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Martha Stewart created an empire by inviting Americans into her home to show how one small improvement could dramatically transform a room or how tweaking an old recipe could surprise your palette. Martha Stewart, however, is not an engineer – so why would she take a personal interest in BetterBuildings, a U.S. Department of Energy program to reduce energy waste in homes and businesses?

Stewart’s attendance at the Better Buildings program launch in Bedford, New York, earlier this year actually makes perfect sense. Better Buildings programs are based on the same basic notion as Martha Stewart’s work - that a small change can make a huge difference in your home. Stewart and Better Buildings share a common goal: improving quality of life. By saving energy, families can save money and live in more comfortable homes.

The 41 grant recipients of the Better Buildings program were awarded a total of $508 million in federal funding to improve the energy efficiency of buildings and they're already passionately bringing about change in their communities. These projects are creating jobs, boosting local economies and helping consumers save money on their energy bills. By the end of March, almost all program recipients will be offering energy upgrades for homes and businesses throughout the country. For example, this week Clean Energy Works of Oregon is expanding their Portland pilot program to 17 communities throughout the state. Other programs scheduled to launch soon include Connecticut, Wisconsin, and Camden, New Jersey. The program is ramping up fast and soon all Better Buildings communities will realize its benefits.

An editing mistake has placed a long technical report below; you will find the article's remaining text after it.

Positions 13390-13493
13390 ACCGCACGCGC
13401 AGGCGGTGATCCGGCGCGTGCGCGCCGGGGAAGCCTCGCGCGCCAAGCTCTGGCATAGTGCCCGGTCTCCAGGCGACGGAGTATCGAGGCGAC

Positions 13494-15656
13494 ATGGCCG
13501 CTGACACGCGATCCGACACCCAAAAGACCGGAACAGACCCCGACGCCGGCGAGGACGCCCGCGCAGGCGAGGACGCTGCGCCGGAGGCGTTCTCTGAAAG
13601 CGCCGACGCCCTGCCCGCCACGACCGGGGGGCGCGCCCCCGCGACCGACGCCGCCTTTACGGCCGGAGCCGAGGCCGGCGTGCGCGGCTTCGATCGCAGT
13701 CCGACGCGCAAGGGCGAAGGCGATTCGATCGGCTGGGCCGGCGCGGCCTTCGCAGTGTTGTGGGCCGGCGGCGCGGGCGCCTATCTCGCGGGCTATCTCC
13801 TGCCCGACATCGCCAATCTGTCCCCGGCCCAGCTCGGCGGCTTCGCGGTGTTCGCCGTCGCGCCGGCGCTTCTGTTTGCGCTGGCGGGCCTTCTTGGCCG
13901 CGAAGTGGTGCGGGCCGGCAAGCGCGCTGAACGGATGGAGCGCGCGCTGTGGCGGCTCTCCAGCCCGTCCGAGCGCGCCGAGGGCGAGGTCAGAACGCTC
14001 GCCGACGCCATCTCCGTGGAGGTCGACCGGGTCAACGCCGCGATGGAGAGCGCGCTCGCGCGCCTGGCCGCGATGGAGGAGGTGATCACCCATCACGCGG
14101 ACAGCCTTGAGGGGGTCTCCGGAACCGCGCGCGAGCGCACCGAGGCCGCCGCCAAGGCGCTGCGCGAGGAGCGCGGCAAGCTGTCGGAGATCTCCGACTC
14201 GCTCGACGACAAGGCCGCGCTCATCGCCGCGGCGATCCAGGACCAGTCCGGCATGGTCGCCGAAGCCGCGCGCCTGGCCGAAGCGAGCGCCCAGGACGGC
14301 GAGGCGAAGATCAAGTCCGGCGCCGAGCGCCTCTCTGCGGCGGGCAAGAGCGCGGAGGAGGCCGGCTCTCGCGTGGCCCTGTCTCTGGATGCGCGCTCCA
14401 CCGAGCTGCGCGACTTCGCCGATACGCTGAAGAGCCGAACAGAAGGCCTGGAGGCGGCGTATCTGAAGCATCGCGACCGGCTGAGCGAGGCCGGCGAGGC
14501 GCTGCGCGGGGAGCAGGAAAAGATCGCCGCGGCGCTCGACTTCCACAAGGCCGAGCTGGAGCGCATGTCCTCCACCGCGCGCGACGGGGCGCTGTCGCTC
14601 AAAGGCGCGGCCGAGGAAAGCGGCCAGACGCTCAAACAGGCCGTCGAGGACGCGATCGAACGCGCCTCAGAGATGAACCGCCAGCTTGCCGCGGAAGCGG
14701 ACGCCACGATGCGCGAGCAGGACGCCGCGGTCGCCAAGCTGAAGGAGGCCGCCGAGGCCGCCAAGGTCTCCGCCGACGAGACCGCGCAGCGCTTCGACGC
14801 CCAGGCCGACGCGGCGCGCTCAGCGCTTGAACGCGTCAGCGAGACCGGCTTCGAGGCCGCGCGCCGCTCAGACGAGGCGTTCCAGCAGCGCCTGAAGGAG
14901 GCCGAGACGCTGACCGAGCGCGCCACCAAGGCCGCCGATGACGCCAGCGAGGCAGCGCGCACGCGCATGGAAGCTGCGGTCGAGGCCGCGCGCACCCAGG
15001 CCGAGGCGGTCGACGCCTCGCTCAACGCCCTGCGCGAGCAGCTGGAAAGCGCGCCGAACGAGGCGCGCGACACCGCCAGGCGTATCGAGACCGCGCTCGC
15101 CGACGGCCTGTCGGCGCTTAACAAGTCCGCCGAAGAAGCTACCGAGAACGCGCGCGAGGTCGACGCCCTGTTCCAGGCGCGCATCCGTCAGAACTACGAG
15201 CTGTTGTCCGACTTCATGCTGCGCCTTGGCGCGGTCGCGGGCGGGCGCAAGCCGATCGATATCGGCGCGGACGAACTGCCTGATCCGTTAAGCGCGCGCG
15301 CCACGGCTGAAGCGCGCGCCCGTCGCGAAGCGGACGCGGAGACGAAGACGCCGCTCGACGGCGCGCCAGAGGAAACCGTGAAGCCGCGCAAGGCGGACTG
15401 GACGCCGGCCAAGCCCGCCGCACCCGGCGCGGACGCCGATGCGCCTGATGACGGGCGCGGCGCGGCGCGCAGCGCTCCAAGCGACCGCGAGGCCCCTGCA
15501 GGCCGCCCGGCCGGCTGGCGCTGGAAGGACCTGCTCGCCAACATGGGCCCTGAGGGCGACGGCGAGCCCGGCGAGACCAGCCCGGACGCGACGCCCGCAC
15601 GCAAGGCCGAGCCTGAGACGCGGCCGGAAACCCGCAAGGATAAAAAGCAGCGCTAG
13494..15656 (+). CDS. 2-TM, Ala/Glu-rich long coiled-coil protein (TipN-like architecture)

However, Better Buildings is not simply about making buildings better – it’s about improving communities. The program’s mission is to create a self-sustaining market for building upgrades. Better Buildings aims to ultimately save Americans approximately $50 million annually and create or retain 30,000 jobs. Reducing energy waste in buildings is an important element in creating a clean energy future as buildings currently consume 40% of all energy in the U.S. and are responsible for 38 percent of our carbon emissions. Better Buildings strives to overcome barriers to improving building energy efficiency by improving financing, growing energy efficiency awareness and demand, increasing consumer confidence and supporting job growth.

Better Buildings is making an impact from coast to coast. Hilary Franz of Bainbridge, Washington, whose program launched last week, sees Better Buildings and her small community as two integral elements in a symbiotic relationship. In Bainbridge, Better Buildings is bringing the community closer by creating a project everyone can participate in. Roberta Kisker, a homeowner who received an upgrade in University Park, Maryland, said the rebates the STEP UP! program offered were a great incentive. And being part of STEP UP! helped her feel that she wasn’t acting alone, but was part of a team that was making her home, community and even the world a better place.

So, while Better Buildings may not have Martha Stewart’s degree of impact quite yet, it is making a huge impact in local communities across the country. And, this is only the beginning.

For more information on the Building Technologies Program, visit: